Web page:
‘Is there a concert on tonight?’, a bystander asked a cop at a traffic light outside the Southern New Hampshire University arena. If only. In fact Democrats from all over New Hampshire (and, let’s face it, probably Boston and Vermont too) descended on Manchester’s Elm Street for the McIntyre-Shaheen 100 Club dinner.
Supporters of various candidates stood out in the bitter cold, cheering the names and slogans of their choice for president. A small contingent of Trump supporters also braved the weather in hoodies, one of whom had brought along a large cereal box labeled ‘Biden’s Corn Pops’.
While branded as a dinner, in truth what unfolded was more like a sporting event. Think WWE without the surprise guests, or drama. On the floor, where the university team usually play basketball, members of the local party sat around circular tables, with an elevated podium in the center. Special guests included Sen. Chris Coons, the Irish ambassador and Back to the Future star Michael J. Fox, who is in town to campaign for Pete Buttigieg.
In the bleachers, fans of the remaining 11 Democratic candidates were grouped together, without being served so much as an hors d’oeuvre. To the press’s left was a surprisingly large Deval Patrick contingent (is there a name for his supporters? The Devalued? Plastic Paddies?), though I suspect many had made the trip north from Massachusetts. To our right, Mayor Pete’s army extended around a full corner of the arena, clad in bright yellow t-shirts, wielding clappers and glowsticks in an attempt to push the rest of the room into sensory overload.
Next to them were the Bernie fans — whom it would be unfair to dub ‘Bernie bros’ given how diverse a mob they were, young folk of all races and genders brandishing flashing LED placards and led in their chants by dance captains (good to see the socialists so organized). Then there was the Warren contingent, perhaps the largest group, wearing white t-shirts and flashing wristbands. So numerous were fans of the Massachusetts senator that some were divided from their comrades by the bloc of people still supporting Joe Biden. The Yang gang had been demoted to the nosebleeds high up in the rafters. There were maybe four Michael Bennet voters present.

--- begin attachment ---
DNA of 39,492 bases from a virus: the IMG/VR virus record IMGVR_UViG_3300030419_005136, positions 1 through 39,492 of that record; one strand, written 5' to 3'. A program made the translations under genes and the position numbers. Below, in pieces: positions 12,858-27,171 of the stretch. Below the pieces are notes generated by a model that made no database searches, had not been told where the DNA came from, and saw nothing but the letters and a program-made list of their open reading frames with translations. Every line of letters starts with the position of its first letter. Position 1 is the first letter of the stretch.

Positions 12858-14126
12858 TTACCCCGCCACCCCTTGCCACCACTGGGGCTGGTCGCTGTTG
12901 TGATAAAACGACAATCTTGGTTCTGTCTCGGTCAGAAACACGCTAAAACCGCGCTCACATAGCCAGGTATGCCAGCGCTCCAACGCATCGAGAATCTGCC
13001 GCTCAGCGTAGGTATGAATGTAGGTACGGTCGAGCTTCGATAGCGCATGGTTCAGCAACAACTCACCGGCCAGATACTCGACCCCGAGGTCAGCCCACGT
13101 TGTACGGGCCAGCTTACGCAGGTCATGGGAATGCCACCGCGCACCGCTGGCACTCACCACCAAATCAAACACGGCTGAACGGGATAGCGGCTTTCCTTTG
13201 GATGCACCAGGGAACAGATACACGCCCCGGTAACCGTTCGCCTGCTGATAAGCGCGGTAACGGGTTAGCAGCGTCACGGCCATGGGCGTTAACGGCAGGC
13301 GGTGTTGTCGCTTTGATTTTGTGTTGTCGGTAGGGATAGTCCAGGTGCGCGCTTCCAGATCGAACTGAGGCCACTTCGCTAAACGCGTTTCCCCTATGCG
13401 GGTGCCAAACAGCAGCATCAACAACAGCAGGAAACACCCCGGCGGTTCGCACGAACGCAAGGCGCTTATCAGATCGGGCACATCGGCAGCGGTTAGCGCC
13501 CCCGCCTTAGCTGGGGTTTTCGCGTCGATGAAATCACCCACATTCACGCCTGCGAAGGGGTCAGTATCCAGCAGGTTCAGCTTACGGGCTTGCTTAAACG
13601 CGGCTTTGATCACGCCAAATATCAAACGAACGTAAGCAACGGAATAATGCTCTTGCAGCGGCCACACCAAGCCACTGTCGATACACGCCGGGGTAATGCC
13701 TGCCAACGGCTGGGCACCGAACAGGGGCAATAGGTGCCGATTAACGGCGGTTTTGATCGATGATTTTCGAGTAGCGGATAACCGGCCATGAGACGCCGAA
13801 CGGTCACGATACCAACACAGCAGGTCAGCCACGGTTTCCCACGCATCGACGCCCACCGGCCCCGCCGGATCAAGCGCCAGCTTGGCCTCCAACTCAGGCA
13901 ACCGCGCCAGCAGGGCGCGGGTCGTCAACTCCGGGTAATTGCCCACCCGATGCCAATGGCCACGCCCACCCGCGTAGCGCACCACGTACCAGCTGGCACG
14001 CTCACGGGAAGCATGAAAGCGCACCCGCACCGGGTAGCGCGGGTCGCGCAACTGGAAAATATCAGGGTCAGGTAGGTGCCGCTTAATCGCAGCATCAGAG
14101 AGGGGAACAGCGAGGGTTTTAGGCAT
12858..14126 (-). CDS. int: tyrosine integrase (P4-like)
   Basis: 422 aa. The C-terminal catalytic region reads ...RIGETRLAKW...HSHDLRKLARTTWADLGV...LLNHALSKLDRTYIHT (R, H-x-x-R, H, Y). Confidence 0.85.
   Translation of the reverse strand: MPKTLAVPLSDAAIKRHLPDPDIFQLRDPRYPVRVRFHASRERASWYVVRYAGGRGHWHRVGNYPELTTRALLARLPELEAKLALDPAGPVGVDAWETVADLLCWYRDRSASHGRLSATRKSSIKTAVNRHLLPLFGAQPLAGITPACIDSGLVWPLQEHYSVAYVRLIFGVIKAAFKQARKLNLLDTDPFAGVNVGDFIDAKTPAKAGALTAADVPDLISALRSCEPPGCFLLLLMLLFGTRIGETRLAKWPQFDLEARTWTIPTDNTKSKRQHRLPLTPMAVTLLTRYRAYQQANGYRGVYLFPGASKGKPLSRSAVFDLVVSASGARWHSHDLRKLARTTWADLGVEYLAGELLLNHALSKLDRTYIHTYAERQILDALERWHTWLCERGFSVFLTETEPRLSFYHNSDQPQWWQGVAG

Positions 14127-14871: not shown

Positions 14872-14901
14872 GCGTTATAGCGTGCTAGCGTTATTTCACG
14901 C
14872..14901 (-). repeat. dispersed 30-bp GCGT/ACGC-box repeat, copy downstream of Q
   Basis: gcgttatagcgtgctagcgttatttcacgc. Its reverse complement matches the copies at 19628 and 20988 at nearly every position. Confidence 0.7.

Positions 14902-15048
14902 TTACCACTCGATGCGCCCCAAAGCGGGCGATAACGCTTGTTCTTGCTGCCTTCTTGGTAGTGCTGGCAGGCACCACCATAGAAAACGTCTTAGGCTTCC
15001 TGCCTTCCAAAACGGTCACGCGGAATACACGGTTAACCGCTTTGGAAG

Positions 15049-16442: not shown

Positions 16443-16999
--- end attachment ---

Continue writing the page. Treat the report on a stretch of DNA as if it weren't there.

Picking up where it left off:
The 12,000-strong arena was not entirely full (7,000 if you believe Andrew Yang’s count), with two stands of the tier on each side cordoned off. In contrast, supposedly the Trump rally in the same venue on Monday is a sellout.
As a European who isn’t particularly patriotic, it was heartening to see the whole room stand, hand on heart, as the New Hampshire Gay Men’s Chorus led a beautiful rendition of the Star-Spangled Banner. So much for leftists hating America.
Early in the night, Elizabeth Warren emerged from a balcony above her supporters, who screamed en masse as she waved. Perhaps she was aiming for Eva Peron: from afar it looked a lot more Michael Jackson.
— Matt McDonald (@mattjpfmcdonald) February 9, 2020
Though not the largest cohort present, the Bernie fans dominated the atmosphere. They have an almost static energy: one supporter shouts in a quiet part and the rest of the section pick up the chant like a van der Graf generator. When Sen. Maggie Hassan talked about the Senate failing to act on election security, peals of ‘Moscow Mitch’ emitted from the Sanders squadron and were picked up by others around the arena. Attempts from different activists were less successful: ‘More women in power!’ chanted a solitary man in the Deval Patrick section, pumping a fist in which he was clenching a handful of glowsticks.
The New Hampshire politicians who spoke largely focused on issues that united the room, garnering approval from all quarters…with one notable exception. Rep. Annie Custer was building to a crescendo and already had the whole room clapping, when she concluded her address by saying ‘I look forward to the next Democratic president of the United States moving into the White House…with…his…husband!’. An audacious applause hijack.